2003 Rhode Island Club Fire Trial Set to Open

The man whose fireworks display set off a 2003 blaze that killed 100 concertgoers is sitting in prison, but for many victims' relatives, the first of the two most important trials in the case is only now about to begin.

Jury selection begins Tuesday for Michael Derderian, who with his brother owned The Station, the one-story, wooden nightclub that quickly became a deathtrap when stage pyrotechnics ignited the soundproofing foam that covered its walls and ceiling.

Still fiercely angry more than three and a half years after the fire, victims' relatives see the Derderians as penny-pinchers who created unsafe conditions in the club and have never shown the same remorse as the man whose pyrotechnics started the fire.

Daniel Biechele, now serving four years in prison, was tour manager for the band Great White, which was on stage when the fire started and lost guitarist Ty Longley. Biechele pleaded guilty and tearfully apologized in court in May.

James Gahan, whose 21-year-old son, Jimmy, died in the fire, said he talked with state Attorney General Patrick Lynch at Biechele's sentencing. "He just asked me what I thought, and I said, `Now, the real work starts.'"

Michael Derderian's trial is expected to last months and Jeffrey Derderian's trial will follow. Both face 200 counts of involuntary manslaughter — two counts for each person killed under separate legal theories. Each count carries a maximum 30-year sentence.

More than 200 people were injured in the blaze. Many people who live in Rhode Island, the nation's smallest state, know someone who was killed or injured, or one of their relatives.

"The Derderians feel like the targets that the public has focused its angst, its anger on," said Andrew Horwitz, a professor at the Roger Williams University law school in Bristol.

Prosecutors say the Derderians showed a pattern of poor management and dangerous decisions, including installing the highly flammable polyurethane foam in violation of the state fire code and allowing bands to use pyrotechnics as part of their acts.

They also say the Derderians did several things that made it harder to evacuate the club: packing too many people into the building, having an exit door that swung the wrong way and failing to have illuminated exit signs.

The Derderians say the band never had permission for the pyrotechnics, but band members contend they did.

The brothers' lawyers say they were never told the foam violated the fire code, and say reports by fire inspectors who surveyed the club make no mention of the material.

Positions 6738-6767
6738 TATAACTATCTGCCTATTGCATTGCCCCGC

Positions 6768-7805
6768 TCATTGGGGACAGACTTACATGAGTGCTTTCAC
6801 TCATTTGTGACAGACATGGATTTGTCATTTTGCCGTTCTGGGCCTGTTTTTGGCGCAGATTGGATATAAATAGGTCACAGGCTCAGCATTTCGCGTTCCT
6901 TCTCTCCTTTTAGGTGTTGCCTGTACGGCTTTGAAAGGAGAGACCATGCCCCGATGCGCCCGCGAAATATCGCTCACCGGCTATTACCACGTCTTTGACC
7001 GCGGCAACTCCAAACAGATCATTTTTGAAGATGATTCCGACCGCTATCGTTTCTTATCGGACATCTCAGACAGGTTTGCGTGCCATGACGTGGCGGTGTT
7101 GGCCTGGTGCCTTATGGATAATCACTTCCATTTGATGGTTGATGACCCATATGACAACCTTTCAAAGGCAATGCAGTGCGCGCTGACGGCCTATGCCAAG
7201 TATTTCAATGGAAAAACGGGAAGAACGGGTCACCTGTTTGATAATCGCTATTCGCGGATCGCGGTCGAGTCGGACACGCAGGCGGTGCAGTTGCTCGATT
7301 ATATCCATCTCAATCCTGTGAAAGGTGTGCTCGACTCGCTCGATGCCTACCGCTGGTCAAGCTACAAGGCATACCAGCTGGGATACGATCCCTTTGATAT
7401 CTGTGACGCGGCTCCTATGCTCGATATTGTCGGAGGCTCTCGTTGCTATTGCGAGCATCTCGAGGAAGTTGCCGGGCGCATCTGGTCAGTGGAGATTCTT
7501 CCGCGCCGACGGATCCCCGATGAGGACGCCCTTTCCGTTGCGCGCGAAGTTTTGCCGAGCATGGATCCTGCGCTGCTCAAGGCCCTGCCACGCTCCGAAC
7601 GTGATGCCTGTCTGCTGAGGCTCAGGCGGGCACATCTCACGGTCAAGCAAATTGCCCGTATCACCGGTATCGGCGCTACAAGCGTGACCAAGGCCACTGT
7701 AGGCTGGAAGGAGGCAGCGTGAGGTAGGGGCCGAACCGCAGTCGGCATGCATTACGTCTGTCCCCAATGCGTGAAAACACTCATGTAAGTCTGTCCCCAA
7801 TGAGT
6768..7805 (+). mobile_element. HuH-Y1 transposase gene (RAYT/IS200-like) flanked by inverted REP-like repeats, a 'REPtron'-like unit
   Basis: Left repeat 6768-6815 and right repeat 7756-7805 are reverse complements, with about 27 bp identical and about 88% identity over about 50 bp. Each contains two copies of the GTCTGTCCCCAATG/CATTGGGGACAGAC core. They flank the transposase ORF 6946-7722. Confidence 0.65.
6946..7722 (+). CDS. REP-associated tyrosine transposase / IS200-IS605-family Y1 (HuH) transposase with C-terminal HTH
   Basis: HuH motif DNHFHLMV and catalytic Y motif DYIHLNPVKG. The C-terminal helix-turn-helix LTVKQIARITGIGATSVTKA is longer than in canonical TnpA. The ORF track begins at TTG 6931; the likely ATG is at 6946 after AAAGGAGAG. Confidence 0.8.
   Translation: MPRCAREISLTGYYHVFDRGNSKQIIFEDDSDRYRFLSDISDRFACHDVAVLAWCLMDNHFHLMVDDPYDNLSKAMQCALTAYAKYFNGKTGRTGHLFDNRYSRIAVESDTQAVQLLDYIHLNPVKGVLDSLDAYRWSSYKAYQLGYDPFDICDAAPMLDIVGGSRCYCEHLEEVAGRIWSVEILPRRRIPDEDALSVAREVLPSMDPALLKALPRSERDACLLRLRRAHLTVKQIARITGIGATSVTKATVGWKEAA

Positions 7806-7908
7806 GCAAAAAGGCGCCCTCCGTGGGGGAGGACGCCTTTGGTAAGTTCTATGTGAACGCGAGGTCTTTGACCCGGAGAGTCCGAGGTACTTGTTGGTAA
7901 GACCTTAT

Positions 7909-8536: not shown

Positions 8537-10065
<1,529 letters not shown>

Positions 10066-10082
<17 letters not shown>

Those arguments fail to satisfy people such as Chris Fontaine, who lost her 22-year-old son, Mark.

"Anybody who owns that type of an establishment bears a responsibility to know what the codes are and to follow them accordingly," said Fontaine, who plans to attend every day of the trial. "These are people who put lives at stake."

"It was their building," said Claire Bruyere, whose daughter, Bonnie Hamelin, 27, was among those killed. "They were supposed to make everyone OK."

The attorney for the Derderians, Kathleen Hagerty, said the families' anger is "certainly understandable."

"We're looking at the case, obviously, legally, which is very different," Hagerty said. "If anything, I think this case will certainly shine a bright light on all that went wrong in this tragedy."

At a news conference two nights after the blaze, Jeffrey Derderian broke down several times as he expressed his grief over the fire.

The brothers attended funerals of some victims and have made voluntary payments to the families of employees killed in the fire. They also declared bankruptcy, however, freeing them from liability in pending lawsuits filed against them by victims' families and survivors.

Paul Vanner, The Station's stage manager, said the Derderians were rookie club owners but followed the rules. "There's no way that they would have known" the foam was dangerous, he said.

The salesman who sold the Derderians the foam sent a letter to prosecutors saying his company's policy was to not educate customers about the potential dangers of the foam, but the company's general manager has said that claim was not true.